Birds leave their winter homes in Central and South America for the north based on the seasonal shift in hours of daylight, a cue unaltered by climate change. To produce healthy young, they must arrive at their breeding grounds to take advantage of the early-season boom in insects that emerge with springtime plant growth.
But as climate change shifts the timing of when plants put out new leaves—a temperature-driven process known as green-up—migrating birds become more likely to reach breeding grounds when temperatures are still frigid and food is scarce or after insect numbers have begun to dwindle.
The researchers found green-up is beginning earlier in eastern North America and—surprisingly—later in the West. Birds that breed primarily in eastern temperate forests tended to lag behind green-up while species that breed in western forests reached breeding grounds too early.
The rate of change is concerning, given predicted accelerating climatic changes, which could mean timing will be more out of sync in the future, says coauthor Rob Guralnick, associate curator of bioinformatics at the Florida Museum.
“That’s the future many of us will see,” he says. “Not every year will plot exactly along that line, but the trend is clear.”
The increased variability in weather conditions that comes with climate change could also compound birds’ difficulties in tracking year-to-year changes.
The team is examining why some species of birds seem to adjust to the shifts better than others, Mayor says.
A resource that enabled the study’s broad scale investigation of nearly 50 bird species across North America are the tens of thousands of data points contributed by citizen scientists, the researchers say.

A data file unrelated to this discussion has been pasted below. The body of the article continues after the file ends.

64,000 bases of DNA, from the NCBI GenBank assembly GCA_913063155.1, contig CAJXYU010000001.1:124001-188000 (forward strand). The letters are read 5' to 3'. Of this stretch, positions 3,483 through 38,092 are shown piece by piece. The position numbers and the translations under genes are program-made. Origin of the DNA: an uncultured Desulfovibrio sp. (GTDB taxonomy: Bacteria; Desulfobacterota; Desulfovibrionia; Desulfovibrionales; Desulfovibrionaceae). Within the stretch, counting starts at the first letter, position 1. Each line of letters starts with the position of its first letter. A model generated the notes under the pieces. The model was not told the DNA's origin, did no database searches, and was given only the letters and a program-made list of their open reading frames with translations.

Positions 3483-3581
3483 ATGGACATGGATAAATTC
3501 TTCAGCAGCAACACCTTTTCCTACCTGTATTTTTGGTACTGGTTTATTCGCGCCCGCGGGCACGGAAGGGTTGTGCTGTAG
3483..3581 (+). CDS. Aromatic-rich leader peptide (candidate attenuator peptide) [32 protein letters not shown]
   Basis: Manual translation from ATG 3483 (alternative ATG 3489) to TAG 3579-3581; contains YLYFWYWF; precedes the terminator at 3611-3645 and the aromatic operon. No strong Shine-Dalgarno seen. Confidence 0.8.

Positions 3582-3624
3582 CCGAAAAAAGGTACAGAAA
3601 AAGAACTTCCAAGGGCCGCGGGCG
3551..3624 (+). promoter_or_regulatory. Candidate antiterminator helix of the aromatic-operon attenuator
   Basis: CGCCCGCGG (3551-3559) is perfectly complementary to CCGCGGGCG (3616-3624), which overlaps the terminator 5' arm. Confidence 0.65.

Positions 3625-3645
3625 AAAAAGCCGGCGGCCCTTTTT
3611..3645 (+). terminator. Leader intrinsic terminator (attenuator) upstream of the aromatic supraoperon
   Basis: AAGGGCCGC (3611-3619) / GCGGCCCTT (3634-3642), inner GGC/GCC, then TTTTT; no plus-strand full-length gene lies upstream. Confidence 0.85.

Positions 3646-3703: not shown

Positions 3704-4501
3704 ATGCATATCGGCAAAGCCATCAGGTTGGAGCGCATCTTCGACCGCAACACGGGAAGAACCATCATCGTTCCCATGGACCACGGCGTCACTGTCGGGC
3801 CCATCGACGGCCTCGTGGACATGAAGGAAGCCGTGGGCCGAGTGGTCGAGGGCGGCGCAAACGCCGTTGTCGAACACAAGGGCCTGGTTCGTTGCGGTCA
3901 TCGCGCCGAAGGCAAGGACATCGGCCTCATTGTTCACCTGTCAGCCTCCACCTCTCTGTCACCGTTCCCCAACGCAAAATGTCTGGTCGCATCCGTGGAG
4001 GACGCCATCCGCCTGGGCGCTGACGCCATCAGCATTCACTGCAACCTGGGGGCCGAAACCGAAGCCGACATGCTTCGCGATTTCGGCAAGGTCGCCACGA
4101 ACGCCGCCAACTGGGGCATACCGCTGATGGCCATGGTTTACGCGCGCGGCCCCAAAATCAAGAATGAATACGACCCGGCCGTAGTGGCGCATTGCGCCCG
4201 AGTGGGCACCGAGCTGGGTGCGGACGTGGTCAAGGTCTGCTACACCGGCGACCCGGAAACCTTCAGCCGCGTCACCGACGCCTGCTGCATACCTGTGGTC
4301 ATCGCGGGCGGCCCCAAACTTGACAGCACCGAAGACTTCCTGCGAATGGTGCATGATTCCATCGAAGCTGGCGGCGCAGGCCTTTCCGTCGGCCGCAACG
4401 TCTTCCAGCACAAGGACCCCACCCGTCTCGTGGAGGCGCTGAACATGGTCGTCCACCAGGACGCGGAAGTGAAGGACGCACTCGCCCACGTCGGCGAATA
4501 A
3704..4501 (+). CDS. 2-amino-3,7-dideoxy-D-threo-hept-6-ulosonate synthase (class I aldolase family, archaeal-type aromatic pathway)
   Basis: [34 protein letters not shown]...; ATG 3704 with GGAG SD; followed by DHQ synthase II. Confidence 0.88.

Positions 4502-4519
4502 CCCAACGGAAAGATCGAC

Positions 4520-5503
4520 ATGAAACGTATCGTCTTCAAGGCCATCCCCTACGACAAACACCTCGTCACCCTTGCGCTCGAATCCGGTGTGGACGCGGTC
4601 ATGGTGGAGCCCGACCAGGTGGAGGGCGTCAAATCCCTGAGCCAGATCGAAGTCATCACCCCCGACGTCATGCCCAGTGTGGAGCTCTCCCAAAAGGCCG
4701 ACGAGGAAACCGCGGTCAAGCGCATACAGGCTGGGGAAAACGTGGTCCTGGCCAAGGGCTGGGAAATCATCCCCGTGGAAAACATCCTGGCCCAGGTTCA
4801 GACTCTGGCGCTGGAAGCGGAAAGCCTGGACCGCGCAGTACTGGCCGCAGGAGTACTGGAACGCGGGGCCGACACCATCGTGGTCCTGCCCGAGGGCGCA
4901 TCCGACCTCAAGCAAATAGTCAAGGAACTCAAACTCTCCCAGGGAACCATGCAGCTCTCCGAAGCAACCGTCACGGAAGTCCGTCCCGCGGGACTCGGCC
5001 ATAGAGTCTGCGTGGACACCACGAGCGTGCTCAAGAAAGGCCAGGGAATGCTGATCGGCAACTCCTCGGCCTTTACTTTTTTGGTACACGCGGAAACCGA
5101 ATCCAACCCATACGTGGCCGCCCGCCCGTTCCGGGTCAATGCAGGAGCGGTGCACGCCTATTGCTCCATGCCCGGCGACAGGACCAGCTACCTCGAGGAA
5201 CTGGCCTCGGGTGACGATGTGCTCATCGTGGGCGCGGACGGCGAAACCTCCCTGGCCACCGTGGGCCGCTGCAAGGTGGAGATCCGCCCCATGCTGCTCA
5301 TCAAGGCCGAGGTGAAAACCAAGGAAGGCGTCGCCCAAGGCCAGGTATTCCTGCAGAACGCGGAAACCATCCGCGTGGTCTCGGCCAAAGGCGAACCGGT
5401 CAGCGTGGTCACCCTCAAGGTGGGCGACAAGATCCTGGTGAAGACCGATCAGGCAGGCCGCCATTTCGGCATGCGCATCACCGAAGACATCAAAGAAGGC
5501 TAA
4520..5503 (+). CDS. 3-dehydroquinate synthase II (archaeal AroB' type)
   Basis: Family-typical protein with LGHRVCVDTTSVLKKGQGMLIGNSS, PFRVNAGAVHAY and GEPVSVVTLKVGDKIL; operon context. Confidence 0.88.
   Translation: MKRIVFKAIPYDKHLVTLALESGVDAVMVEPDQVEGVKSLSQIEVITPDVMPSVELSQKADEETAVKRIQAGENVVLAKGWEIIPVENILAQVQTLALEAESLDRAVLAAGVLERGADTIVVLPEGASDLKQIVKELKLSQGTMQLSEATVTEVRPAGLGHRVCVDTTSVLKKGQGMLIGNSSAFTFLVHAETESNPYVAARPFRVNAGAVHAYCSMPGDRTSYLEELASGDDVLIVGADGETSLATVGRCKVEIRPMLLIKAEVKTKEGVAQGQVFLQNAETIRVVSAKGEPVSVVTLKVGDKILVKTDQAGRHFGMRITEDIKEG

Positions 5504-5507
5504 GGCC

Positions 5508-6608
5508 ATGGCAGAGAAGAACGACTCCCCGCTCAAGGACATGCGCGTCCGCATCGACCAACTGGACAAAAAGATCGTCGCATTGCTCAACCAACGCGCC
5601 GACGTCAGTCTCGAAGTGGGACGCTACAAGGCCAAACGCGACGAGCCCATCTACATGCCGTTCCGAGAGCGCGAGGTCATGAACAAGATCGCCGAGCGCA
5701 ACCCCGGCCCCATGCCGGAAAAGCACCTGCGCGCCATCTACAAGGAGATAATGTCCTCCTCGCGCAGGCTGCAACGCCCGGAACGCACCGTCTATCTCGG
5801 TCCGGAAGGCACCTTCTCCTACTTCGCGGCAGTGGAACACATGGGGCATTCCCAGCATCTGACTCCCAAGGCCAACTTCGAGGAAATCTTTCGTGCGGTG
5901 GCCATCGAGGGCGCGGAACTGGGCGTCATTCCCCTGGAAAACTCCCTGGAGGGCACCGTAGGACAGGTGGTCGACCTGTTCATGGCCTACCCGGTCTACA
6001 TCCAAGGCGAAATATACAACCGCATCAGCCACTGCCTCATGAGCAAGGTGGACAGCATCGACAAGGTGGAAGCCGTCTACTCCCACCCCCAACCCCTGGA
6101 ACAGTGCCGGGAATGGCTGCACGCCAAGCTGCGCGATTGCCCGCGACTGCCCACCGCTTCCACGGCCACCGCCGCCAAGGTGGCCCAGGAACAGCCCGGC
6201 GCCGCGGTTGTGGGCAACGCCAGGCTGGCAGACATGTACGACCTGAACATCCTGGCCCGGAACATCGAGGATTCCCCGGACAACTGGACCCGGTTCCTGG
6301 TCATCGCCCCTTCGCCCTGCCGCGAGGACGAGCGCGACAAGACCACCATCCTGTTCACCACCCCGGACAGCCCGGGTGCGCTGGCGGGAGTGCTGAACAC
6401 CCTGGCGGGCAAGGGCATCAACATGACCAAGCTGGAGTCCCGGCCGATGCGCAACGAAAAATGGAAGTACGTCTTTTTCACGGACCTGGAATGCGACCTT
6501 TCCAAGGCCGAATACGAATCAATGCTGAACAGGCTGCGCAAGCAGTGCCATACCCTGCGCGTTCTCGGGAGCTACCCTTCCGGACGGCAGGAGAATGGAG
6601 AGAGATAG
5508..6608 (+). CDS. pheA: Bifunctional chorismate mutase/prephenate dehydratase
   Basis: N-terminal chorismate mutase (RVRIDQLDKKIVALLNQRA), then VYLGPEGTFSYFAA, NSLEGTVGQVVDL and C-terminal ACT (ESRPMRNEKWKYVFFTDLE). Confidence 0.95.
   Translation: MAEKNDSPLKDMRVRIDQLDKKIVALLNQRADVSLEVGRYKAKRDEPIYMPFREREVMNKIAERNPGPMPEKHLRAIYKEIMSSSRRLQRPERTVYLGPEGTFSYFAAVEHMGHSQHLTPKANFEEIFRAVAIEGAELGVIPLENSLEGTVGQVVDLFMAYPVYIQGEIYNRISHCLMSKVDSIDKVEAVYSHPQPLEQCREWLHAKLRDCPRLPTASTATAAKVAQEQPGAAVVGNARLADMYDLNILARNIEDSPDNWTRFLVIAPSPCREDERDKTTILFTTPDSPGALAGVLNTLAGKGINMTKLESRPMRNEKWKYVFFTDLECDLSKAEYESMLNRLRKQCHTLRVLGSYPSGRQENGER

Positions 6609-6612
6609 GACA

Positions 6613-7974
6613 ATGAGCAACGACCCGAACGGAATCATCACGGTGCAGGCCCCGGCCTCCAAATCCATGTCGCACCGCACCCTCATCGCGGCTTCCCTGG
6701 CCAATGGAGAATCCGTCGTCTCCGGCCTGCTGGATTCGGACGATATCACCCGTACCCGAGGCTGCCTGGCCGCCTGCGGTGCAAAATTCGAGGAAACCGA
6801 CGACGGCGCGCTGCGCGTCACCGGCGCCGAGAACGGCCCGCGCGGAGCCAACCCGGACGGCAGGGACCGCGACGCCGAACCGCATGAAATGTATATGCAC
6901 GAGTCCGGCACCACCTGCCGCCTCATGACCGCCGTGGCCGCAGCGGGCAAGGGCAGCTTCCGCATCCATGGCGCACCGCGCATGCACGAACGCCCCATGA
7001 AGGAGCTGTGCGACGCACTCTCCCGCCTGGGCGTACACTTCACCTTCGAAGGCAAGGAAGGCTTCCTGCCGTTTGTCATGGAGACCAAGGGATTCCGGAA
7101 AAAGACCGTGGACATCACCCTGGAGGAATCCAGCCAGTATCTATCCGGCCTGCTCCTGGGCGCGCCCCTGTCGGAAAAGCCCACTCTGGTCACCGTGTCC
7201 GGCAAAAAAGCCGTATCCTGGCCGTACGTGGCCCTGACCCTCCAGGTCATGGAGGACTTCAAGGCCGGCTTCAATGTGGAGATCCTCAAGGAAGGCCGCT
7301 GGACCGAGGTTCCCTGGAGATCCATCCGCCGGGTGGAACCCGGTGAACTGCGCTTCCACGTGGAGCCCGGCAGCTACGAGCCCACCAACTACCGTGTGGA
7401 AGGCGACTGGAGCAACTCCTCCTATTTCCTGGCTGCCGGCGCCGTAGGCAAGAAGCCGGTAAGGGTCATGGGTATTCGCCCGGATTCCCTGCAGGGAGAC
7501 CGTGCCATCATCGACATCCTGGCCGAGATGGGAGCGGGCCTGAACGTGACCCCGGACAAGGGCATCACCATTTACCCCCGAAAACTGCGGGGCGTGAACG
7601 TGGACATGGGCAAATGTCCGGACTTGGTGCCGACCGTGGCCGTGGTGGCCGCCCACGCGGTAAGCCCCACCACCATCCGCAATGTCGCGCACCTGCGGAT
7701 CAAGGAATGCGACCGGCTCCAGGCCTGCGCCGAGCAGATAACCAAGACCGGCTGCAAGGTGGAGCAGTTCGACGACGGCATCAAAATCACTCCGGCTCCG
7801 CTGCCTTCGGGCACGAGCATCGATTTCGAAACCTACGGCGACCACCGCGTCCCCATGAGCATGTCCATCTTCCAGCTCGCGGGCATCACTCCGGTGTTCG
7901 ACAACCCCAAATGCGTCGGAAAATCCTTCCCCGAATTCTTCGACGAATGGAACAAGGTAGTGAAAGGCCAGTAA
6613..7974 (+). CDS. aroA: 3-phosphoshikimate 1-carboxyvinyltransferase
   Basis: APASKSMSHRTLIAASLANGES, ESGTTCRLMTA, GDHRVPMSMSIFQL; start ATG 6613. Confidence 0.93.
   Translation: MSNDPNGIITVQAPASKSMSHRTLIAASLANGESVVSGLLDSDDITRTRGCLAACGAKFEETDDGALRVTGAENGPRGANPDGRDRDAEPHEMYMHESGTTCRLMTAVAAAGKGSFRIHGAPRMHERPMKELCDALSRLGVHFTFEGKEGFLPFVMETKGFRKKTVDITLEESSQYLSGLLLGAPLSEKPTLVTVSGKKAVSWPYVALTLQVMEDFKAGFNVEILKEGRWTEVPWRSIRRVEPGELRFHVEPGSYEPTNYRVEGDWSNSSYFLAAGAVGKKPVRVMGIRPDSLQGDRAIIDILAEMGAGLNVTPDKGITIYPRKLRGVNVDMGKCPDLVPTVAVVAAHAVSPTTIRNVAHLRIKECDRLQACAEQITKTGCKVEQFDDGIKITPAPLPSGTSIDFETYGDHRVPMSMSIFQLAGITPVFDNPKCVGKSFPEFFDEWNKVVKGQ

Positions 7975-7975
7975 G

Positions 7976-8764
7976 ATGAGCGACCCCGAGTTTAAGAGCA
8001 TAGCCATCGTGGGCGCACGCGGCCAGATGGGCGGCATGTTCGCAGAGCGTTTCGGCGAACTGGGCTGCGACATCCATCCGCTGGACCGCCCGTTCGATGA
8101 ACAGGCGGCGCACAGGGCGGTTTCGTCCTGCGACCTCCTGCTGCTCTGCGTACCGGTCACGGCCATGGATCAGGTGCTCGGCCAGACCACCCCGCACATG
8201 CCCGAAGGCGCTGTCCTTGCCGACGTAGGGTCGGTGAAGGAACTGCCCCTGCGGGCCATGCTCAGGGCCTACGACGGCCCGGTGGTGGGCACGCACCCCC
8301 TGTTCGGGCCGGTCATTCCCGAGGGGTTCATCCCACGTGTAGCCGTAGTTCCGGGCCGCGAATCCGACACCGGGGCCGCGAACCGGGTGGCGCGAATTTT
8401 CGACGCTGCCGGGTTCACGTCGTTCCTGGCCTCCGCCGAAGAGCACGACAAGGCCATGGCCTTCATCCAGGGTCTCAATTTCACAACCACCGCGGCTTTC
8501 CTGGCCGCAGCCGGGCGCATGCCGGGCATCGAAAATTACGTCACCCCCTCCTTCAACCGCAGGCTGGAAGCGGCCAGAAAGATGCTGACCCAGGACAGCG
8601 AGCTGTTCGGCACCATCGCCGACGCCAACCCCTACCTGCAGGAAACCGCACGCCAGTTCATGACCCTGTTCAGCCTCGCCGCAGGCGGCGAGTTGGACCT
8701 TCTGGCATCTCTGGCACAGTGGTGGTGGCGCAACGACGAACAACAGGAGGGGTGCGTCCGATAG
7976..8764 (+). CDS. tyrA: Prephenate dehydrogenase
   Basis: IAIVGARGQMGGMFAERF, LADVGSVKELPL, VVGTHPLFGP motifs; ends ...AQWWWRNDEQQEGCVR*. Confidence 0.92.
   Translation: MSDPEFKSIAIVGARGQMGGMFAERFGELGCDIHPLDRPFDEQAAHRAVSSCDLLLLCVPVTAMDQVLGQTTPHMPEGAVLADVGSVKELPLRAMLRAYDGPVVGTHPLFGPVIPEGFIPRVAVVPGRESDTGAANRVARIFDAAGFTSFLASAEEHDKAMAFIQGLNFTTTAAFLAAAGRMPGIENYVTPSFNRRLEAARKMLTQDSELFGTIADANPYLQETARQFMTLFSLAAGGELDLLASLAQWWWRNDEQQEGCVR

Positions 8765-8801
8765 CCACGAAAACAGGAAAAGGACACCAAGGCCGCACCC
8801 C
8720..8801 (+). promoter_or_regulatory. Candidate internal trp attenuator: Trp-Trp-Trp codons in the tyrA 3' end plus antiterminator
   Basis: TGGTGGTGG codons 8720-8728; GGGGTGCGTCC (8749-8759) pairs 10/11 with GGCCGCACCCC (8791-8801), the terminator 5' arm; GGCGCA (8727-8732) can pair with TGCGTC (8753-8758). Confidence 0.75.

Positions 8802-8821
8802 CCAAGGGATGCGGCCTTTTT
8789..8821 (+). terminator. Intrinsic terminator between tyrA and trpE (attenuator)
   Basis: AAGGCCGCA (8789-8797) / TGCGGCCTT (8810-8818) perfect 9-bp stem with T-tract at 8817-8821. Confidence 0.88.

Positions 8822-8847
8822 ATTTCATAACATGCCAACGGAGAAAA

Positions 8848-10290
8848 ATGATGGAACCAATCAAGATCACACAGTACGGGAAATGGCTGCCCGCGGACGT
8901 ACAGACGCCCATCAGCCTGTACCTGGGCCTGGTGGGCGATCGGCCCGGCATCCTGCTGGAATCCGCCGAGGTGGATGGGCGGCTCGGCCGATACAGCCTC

“As more and more birders record their observations, they are creating a density of data that allows us to start from a continental level and zoom down further and further to the ground,” Guralnick says. “It’s powerful. Whether they know it or not, birders are helping scientists do their work, and they could end up helping birds in the process.”
The researchers emphasize the complexity of their findings, which vary by species, region, and rate of change. Determining conservation risks and the potential for extinction will require looking at the impacts on each species individually, they say.
Diving deeper into the data to determine whether population numbers of bird species that are not adapting to the shift in green-up are falling is one of the next steps in the project.
“The natural world is very complex,” Mayor say. “When you kick it with a big change by altering the climate, different parts of that natural world respond in different ways. We’re just beginning to understand the consequences of this grand unnatural experiment.”
Funding from the Natural Sciences and Engineering Research Council of Canada helped support the research, which appears in Scientific Reports.
Researchers from Memorial University of Newfoundland, the University of Colorado, the University of Connecticut, Florida International University, Murdoch University, and the Illinois Natural History Survey also contributed to the study.
Source: University of Florida